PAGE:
Virgil Thomson is the guest on this 1948 edition of The Reader's Almanac. Not Virgil Thomson the composer, though, but Virgil Thomson the critic, whose collection, The Art of Judging Music (1948), had just been published.
The interviewer asks what gifts are required to be a music critic. "The ability to write," Thomson answers decisively, "because one could write bad music criticism if one can write, but if one merely knows a great deal about music but can't write at all one couldn't write any music criticism." He goes on to argue that a good critic must in some way practice music, either as a composer or player. And he must have the ability "to make up his mind."
Asked about the power of the music critic, Thompson says he prefers the word "effect" rather than "influence," admitting that criticism has repercussions -- not so much in attendance but in the decisions of management and further bookings. Asked what it's like to dash a young performer's hopes and dreams, he shrugs, "We're sorry if his life is ruined," and explains that rather than inform the public if a performance or composition is good or bad "…it's better to tell them what it was like." He bristles at the notion that his job is to build up public taste. "The best program is to have some yourself."
Thomson was born in Kansas City, Mo., in 1896. After studying at Harvard University he settled in Paris, where he absorbed both the influences of the French composer Erik Satie as well as befriending the avant garde writer Gertrude Stein. As the website virgilthomson.org explains:
Thomson's chemistry rejected the Teutonic mechanics of musical composition; the soul-searching symphonies of Bruckner and Mahler were alien to him. Satie and Stein were a breath of fresh air: modern, optimistic, enthusiastic craftsmen seriously dedicated to their art, but living in the here and now.
To the shy Satie, music was functional; it was found everywhere in the street, the cafe, the circus, the cabaret, all around him, not in the shibboleths of tradition. This appealed to Thomson, whose fundamental belief was that music should be "as simple as a friendly conversation," not some abstruse statement composed in an emotional pressure cooker.
Studying with the renowned teacher Nadia Boulanger, Thomson produced a great deal of music during his Paris years, notably the opera "Four Saints in Three Acts" (1934), with a libretto by Stein, which caused a sensation when it debuted at the Wadsworth Atheneum in Hartford because it was performed by an all-black cast. This somewhat overshadowed the score, which was eventually recognized as a new sound in American music. The website classical.net describes Thomson's music as:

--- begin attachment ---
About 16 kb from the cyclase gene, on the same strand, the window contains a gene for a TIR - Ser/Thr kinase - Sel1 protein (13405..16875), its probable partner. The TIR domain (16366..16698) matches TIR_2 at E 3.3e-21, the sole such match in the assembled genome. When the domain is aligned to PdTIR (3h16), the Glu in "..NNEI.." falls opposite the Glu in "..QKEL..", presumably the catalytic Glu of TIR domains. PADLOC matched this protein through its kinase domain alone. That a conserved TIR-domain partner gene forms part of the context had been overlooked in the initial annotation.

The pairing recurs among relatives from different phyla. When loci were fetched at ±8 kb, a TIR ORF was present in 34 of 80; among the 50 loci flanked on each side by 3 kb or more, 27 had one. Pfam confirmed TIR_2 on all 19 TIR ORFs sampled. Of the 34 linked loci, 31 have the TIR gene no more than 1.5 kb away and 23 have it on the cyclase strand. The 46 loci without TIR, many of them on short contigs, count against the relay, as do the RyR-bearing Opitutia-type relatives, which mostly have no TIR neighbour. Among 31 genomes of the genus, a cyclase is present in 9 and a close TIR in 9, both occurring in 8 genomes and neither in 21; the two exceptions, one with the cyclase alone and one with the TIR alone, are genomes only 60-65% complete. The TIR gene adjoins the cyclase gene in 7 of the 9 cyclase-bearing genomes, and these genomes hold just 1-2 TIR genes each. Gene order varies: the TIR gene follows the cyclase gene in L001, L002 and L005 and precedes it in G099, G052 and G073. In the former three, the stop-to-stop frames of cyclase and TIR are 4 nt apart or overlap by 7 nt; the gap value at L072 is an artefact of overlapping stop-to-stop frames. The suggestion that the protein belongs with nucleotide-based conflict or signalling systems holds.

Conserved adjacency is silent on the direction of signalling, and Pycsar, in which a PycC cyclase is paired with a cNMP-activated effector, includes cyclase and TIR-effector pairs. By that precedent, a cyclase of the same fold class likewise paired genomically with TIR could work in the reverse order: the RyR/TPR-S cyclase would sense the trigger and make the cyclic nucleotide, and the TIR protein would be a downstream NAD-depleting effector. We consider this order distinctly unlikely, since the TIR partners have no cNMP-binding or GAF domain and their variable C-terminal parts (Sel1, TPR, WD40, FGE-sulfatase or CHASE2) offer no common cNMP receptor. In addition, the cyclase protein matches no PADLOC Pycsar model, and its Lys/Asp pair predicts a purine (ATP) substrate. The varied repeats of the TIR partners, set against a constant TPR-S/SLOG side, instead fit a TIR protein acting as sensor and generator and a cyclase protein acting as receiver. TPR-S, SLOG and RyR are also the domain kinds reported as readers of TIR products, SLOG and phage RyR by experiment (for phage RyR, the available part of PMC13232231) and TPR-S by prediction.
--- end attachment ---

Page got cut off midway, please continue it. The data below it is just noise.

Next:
…almost disconcertingly spare and direct. In the consciously American pieces especially, there is a kind of aural equivalent to Cubist collage, as ragtime, waltzes, tangos, two-steps, fiddle tunes, and hymns get pasted into the texture. Unlike Charles Ives, there's an unsentimental distance and clarity to it all, like someone without illusions able to state exactly what's on his mind.
At the start of World War II, Thomson moved to New York, where he became the chief music critic for The Herald-Tribune, a post in which he remained until 1954. He also continued to compose, producing another opera with Stein, "The Mother of Us All" (1947), as well as winning the only Pulitzer Prize awarded for a film score, for "Louisiana Story" (1948). As this interview attests to, though, he became equally if not more famous for his witty and incisive reviews. The music critic John Rockwell describes the impact he made.
The critical tone in New York then was mostly conservative and oriented toward the analysis of performance. Mr. Thomson concentrated on the music, new music in particular, and was sometimes airily dismissive of the idols of the day -- among them Arturo Toscanini and Jascha Heifetz, whose pianistic repertory and style he dismissed as ''silk-underwear music.'' His opinions were sometimes outrageous and sometimes a little breezy -- he liked to give the impression that he was seeing some Wagner operas for the first time, and may well have been. His snoozing during performances was also legendary, although he always insisted that he awoke if anything interesting happened. But his writing was always delightful, and it commanded a readership far beyond musicians and music lovers.
Thomson's attitude toward music's "place" strikes one as that of a stubbornly independent Midwesterner. He was contemptuous of academic-based obscurity, yet equally dismissive of the public, which, he even claimed, in this interview with Bruce Duffie:
…doesn't exist. There are only individuals who buy tickets and sit there. Sometimes they're twos and threes and they chatter about it afterward, but there is no such thing as ‘a public.' There are no voting boxes. There's no record of public reaction. Any public is likely to applaud, you know. But when different publics applaud night after night, then you have kind of a run and you're said to be successful. But still there is no test or description of who these people are because they're different all the time. ...What's in a concert hall is a whole batch of ones...unless you get them all worked up by playing "Stars and Stripes Forever." It's a beautiful piece, and they all kind of like to listen to where the piccolo comes in, and they smile.
The ground he staked out in this timeless controversy seemed to remain peculiarly his own.
Thomson died in 1989 at age 92.
Audio courtesy of the NYC Municipal Archives WNYC Collection.